Shalom Community Center Programs

The data above is collected by the Shalom Center and aggregated in Shalom's annual report. 

Bloomington has a statewide reputation for offering high-quality social service support for those in need. This reputation is derived from hundreds of social service nonprofits that call the city home, as well as a community of support for progressive governmental policies. In respect to safety, civility, and justice the most visible agencies are Centerstone, the Shalom Community Center, Wheeler Mission, New Hope for Families, Middle Way House, and Monroe County United Ministries. These agencies represent a mixture of homeless shelters, mental health facilities, and poverty assistance programs that support those in need.

Poverty In Bloomington, Indiana

Indiana University students skew this statistic, but other metrics indicate that Monroe County has a persistent poverty issue.  Every year the state of Indiana conducts a Point In Time count as a method of measuring the number of individuals experiencing homelessness on a given night. Measuring the number of individuals experiencing homelessness on a given night is very difficult.  In an effort to gather metrics about changes between years, The state and social service agencies around the state conduct an in person survey with individuals in shelters or on the street. The answers to the survey are self reported by the individuals being surveyed. The PIT count is not an absolute study, but provides insight into the composition of a region's homeless population on a given night from year to year.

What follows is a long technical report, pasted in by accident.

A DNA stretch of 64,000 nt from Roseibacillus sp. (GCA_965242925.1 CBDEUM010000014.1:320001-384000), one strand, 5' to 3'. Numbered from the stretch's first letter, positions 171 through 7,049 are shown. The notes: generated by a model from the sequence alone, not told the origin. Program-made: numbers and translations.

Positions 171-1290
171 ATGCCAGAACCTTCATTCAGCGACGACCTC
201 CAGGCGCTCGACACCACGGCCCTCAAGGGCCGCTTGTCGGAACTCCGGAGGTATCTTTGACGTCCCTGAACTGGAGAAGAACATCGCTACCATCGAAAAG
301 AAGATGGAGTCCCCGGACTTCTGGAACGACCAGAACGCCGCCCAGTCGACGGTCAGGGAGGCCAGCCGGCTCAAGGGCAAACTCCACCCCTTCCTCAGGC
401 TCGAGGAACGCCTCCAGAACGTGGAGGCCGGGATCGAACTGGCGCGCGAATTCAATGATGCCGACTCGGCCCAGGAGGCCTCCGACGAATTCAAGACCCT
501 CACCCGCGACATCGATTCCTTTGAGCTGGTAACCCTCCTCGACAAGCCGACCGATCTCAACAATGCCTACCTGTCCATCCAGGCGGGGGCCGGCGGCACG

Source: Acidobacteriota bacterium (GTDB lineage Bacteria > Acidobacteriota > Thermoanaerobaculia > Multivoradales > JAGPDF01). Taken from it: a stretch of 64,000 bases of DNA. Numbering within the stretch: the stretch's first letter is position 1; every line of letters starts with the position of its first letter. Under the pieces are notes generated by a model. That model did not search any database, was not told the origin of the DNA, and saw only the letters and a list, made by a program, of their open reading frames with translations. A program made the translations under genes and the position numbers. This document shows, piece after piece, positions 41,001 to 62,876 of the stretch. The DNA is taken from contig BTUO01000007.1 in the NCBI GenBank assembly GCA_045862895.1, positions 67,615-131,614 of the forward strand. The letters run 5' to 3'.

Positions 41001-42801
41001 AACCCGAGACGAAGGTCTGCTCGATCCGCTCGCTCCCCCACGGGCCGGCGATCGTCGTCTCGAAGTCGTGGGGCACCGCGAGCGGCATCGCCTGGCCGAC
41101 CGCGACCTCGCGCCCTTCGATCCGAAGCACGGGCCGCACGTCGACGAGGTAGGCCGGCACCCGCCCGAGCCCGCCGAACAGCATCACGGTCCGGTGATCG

According to the Point In Time count, the number of homeless individuals and families has increased from 200 in 2009 to 350 in 2017. The most recent homeless point-in-time count indicates that the majority of the increase has come from individuals, rather than families, and most of these individuals are men. Single men without children have the fewest dedicated resources in our community, making them more likely to experience homelessness than other subpopulations.


The pie graphs above the bar graphs represent the full data set, to see year specific representations click on a given year.

Mental health problems, substance abuse, and domestic violence involvement are common traits among homeless individuals in Bloomington. During the 2017 PIT count, 42 individuals in emergency shelters self reported having a serious mental illness, 36 self reported having substance abuse issues, and 75 self reported to being victims of domestic violence.